Thursday, May 19, 2005

Ich Bin Ein Berliner...

as the old Kennedy joke goes.

Seriously, though, I wonder if there is any better place in the world in which to ponder the dangers and consequences of militarism and self-righteousness than Berlin (other than, say, Iraq). Although there are, of course, strong tendencies in Germany to want to bury and deny the past, the city displays a strong commitment to remembering what happened here and to trying to understand how and why it did.

The newly opened Holocaust Memorial, appropriately situated just down from the Brandenburg Gate, is a profound disappointment. I´m sure plenty of images are available online, but suffice it to say that it´s a non-representational installation piece consisting of dozens upon dozens of coffin-sized granite slabs of various heights. Walking between them, one soon is swallowed up, as the ground slopes down and the slabs tower overhead.

In concept, I like it. In practice, what happens is that families stop on the fringes and find the shorter slabs there fine places to stop and picnic. Doesn´t seem terribly effective or appropriate to me. In fact, if one does come away with any serious desire to meditate on the horrors of the genocide, one must have already done the heavy lifting already. The monument doesn´t help.

In the final analysis, I cannot think of a much less appropriate memorial to the victims of the Holocaust than a great place for kids to run around and play hide and seek.

On the other hand, there is the Topography of Terror. This exhibit/museum (I´ll explain momentarily) shows the true power of responsible commemoration. As a matter of fact, its commitment to responsibility, to being a living and active agent in the fight against terror and militarism, is the very reason why it stands incomplete, defunded by a city that is not entirely ready to face its demons.

Even without a building to house it, this museum asserts its right to exist. Built along a still-standing section of the Berlin Wall, which also is a stretch of Wilhemstrasse, where the foundations of the old SS and SD buildings have recently been excavated, this memorial involves a great many outdoor placards, very text-heavy, detailing precisely how the Nazis worked.

The "People´s Courts" were instrumental in this, handing down obscene verdicts, which reached a 50% capital punishment rate by the end of things, driven by Party operatives who swore to issue verdicts completely in line with the will of der Führer. (Dare I bring up the travesty of justice presently embodied in our own arbitrary "detainments" and "extraordinary renditions," which answer to no law?)

The Topography of Terror leaves you exhausted, forcing you to face the imprisonment and torture of pro-Communists, gays, Jews, Roma, Sinti, and on and on. It presents the faces of the students who were executed for distributing all of six leaflets opposing the Nazis, and of the cartoonist who was shot for mocking their Leader. It reminds you of all the little baby steps that are necessary and sufficient to the production of hundreds of thousands of goose-stepping murderers.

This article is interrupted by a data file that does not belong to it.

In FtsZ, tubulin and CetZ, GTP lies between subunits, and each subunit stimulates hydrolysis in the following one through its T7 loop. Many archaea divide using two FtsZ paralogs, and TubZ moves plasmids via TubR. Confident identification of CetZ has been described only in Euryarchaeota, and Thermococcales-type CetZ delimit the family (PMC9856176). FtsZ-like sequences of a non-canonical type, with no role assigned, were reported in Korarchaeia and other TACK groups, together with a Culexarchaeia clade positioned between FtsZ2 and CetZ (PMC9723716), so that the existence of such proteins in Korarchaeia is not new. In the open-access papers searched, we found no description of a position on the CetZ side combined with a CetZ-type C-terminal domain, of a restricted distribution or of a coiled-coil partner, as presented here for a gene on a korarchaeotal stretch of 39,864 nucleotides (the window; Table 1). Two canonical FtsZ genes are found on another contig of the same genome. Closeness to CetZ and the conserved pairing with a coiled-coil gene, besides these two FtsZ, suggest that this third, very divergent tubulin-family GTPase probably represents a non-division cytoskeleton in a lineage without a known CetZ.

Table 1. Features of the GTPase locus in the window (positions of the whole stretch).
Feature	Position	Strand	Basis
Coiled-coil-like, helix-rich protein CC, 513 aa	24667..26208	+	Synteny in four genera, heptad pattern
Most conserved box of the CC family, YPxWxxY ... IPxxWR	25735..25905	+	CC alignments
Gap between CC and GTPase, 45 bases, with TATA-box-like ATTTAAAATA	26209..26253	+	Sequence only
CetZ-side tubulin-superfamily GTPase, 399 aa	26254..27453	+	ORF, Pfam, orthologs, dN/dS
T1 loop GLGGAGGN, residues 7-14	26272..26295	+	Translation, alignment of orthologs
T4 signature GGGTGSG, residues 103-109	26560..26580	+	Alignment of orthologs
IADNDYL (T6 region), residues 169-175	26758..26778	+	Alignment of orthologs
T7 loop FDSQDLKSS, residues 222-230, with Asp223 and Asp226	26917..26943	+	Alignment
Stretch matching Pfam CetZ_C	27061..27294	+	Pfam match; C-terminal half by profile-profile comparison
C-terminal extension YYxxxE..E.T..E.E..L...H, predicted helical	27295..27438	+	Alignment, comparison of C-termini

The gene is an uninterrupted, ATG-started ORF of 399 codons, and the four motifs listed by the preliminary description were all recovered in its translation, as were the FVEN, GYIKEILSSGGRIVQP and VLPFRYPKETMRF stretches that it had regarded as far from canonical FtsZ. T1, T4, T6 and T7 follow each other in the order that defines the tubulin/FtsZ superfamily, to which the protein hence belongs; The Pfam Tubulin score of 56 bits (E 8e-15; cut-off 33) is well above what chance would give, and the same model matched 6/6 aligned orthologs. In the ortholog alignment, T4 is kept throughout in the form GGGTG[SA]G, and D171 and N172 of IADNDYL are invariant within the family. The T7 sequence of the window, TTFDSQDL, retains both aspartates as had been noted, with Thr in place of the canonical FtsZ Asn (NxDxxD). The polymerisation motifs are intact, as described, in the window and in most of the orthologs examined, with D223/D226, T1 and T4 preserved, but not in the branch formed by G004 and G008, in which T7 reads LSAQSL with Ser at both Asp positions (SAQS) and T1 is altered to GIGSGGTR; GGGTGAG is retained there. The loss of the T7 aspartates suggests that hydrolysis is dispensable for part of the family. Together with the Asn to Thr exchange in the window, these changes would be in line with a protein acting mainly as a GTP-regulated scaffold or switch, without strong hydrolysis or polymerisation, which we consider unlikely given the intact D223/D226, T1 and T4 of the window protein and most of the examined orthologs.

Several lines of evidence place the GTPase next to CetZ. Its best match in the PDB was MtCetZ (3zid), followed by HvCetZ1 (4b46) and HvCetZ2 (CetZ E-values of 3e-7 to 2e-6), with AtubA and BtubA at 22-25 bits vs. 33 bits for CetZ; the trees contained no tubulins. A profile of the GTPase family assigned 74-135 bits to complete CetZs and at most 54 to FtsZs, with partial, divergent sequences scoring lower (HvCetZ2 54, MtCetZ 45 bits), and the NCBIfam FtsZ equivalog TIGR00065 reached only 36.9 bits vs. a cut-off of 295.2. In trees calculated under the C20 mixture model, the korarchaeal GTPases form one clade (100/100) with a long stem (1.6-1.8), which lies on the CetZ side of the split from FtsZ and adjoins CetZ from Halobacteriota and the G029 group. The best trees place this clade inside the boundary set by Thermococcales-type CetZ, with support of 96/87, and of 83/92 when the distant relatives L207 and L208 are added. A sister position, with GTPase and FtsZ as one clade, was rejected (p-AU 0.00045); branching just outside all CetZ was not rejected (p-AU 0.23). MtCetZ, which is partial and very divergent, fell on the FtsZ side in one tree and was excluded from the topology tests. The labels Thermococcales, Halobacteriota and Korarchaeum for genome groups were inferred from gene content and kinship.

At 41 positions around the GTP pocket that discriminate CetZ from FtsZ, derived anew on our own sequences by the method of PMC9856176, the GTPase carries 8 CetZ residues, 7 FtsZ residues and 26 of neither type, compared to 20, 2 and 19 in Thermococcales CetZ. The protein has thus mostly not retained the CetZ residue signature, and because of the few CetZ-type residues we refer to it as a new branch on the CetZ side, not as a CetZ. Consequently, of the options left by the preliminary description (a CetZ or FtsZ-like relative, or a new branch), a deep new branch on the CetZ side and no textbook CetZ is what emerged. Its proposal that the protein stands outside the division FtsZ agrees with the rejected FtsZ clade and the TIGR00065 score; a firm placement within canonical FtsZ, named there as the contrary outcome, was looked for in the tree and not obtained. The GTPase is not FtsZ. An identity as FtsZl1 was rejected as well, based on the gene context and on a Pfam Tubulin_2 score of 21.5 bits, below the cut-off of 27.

We need to keep all this in mind, in the US these days.

And today, we visited the Memorial of the Soviet Soldiers, in what was East Berlin. It remains as it was, thanks to the insistence of the USSR that it be kept so as a condition of reunification. Truly impressive, and not just because its architecture is a prime example of Soviet gigantism. The sculptures representing the sacrifices of the Soviet people--all of them--during World War II drive home just how different the war was for them than for the US, and just how much we owe them in the defeat of the Nazis. Remember: Twenty times as many Soviets died in the war as did American and British combined.

That´s the latest from Berlin.

And don´t fret. For all the seriousness of this post, I am still finding time to sample the local brews...


Sunday, May 15, 2005

Last Call for Kölsch

This will be my final post from Köln, as my wife, her brother, his wife, and I are all catching the early train along the Rhine through Würzburg to Berlin tomorrow.

We lucked into seeing an extensive fireworks display last night, and into encountering a used book sale along the Rhine this morning. Mostly German, of course, and thus more exciting to my wife than to me, but some of the stalls have some incredible old Bibles on display (and for sale, though at prices that make that fact irrelevant to the likes of me)--and since I´ve been studying the history of printing of late, they are fascinating.

Today, in addition to visiting the grave of my father-in-law´s parents, in a truly beautiful cemetery, we went to the Römisch-Germanische Museum, which was built around an ancient mosaic floor dedicated to Dionysus (from whom my real-life name derives), installed in the early centuries A.D. and discovered in 1941 when they were trying to dig a bomb shelter (I imagine the first reaction to the discovery was "Scheiße!").

We may or may not be visiting a nearby baroque church today. Same goes for the Dom Treasury.

More Kölsch, however, is in the cards, whatever else may come...